Image New York Times / Marcos Chin

Image New York Times / Marcos Chin

As it turns out, music is far more universal than we give it credit for. In fact, music—or our recognition of it—is apparently literally in our brains.

As reported by New York Times, there are very specific parts of the human brain that are primarily dedicated to music according to a groundbreaking M.I.T. study conducted by Nancy Kanwisher, Josh H. McDermott and Sam Norman-Haignere.

These same parts, to contrast, don’t activate when other sounds—such as human speech—is heard. The researchers also noted that there is some overlap when music with lyrics is listened to.

The question asked at the onset of this study was a simple one: What are the salient categories of the human auditory system? That is, does the brain assign specific sounds to specific bits of gray matter so that we can recognize them in the future?

Gathering 165 distinct sounds (some of which you can listen to here) and 10 volunteers who were tasked to listen to those soundbytes multiple times, the data showed that there were six ways in which the brain would categorize the noise.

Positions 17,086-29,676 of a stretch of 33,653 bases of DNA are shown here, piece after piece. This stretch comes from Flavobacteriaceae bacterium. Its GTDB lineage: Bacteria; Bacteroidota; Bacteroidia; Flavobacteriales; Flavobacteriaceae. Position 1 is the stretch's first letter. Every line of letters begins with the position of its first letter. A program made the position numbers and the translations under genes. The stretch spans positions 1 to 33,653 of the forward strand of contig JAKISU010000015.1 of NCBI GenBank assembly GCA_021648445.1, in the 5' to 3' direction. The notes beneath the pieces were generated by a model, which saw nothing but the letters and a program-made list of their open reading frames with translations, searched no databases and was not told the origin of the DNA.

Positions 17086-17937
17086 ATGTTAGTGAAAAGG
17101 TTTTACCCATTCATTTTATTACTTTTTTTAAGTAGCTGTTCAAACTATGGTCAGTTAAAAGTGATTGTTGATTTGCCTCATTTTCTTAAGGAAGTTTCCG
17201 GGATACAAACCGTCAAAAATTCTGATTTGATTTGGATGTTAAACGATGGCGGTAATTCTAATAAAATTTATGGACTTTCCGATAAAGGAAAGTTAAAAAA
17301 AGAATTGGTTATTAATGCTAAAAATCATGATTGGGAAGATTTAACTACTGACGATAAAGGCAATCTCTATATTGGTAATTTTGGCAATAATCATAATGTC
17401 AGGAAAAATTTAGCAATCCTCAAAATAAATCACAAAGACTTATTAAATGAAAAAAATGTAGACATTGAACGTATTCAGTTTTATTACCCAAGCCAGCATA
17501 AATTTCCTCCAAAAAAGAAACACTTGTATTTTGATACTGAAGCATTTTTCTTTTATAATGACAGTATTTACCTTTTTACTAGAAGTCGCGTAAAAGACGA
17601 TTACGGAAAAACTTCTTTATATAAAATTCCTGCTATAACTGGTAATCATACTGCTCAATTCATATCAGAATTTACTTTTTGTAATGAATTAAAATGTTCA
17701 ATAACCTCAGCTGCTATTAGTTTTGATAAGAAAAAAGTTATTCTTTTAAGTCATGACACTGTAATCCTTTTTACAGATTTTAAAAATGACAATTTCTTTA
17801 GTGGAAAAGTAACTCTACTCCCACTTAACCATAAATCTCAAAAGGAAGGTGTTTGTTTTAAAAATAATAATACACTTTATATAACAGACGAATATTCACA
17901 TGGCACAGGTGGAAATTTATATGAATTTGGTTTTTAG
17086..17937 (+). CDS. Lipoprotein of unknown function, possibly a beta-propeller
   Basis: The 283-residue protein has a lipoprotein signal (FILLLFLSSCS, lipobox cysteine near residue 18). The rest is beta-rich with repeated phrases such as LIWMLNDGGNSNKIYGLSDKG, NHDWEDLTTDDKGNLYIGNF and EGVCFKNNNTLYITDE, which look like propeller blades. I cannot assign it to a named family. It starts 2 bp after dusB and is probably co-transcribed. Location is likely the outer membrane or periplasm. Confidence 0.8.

Four of those categories were linked to general physical properties of sound (pitch, frequency, etc.). The fifth of those categories was linked to speech. The final category responded to every single music-related soundbyte (“the sound of solo drummer, whistling, pop songs, rap…”) that the volunteers listened to.

Prior to this study, music perception was only thought to use other parts of the human brain, tapping into the “motor system, speech circuitry, and social understanding” to make sense of it.

It has yet to be uncovered as to what properties of music—or acoustic features of music—actually do the stimulating. Regardless, it’s interesting to consider what someone’s brain may look like and if the music-dedicated parts of the brain light up when they’re listening to music they deem to be bad.

Related: The Psychology of Pop Music in 2016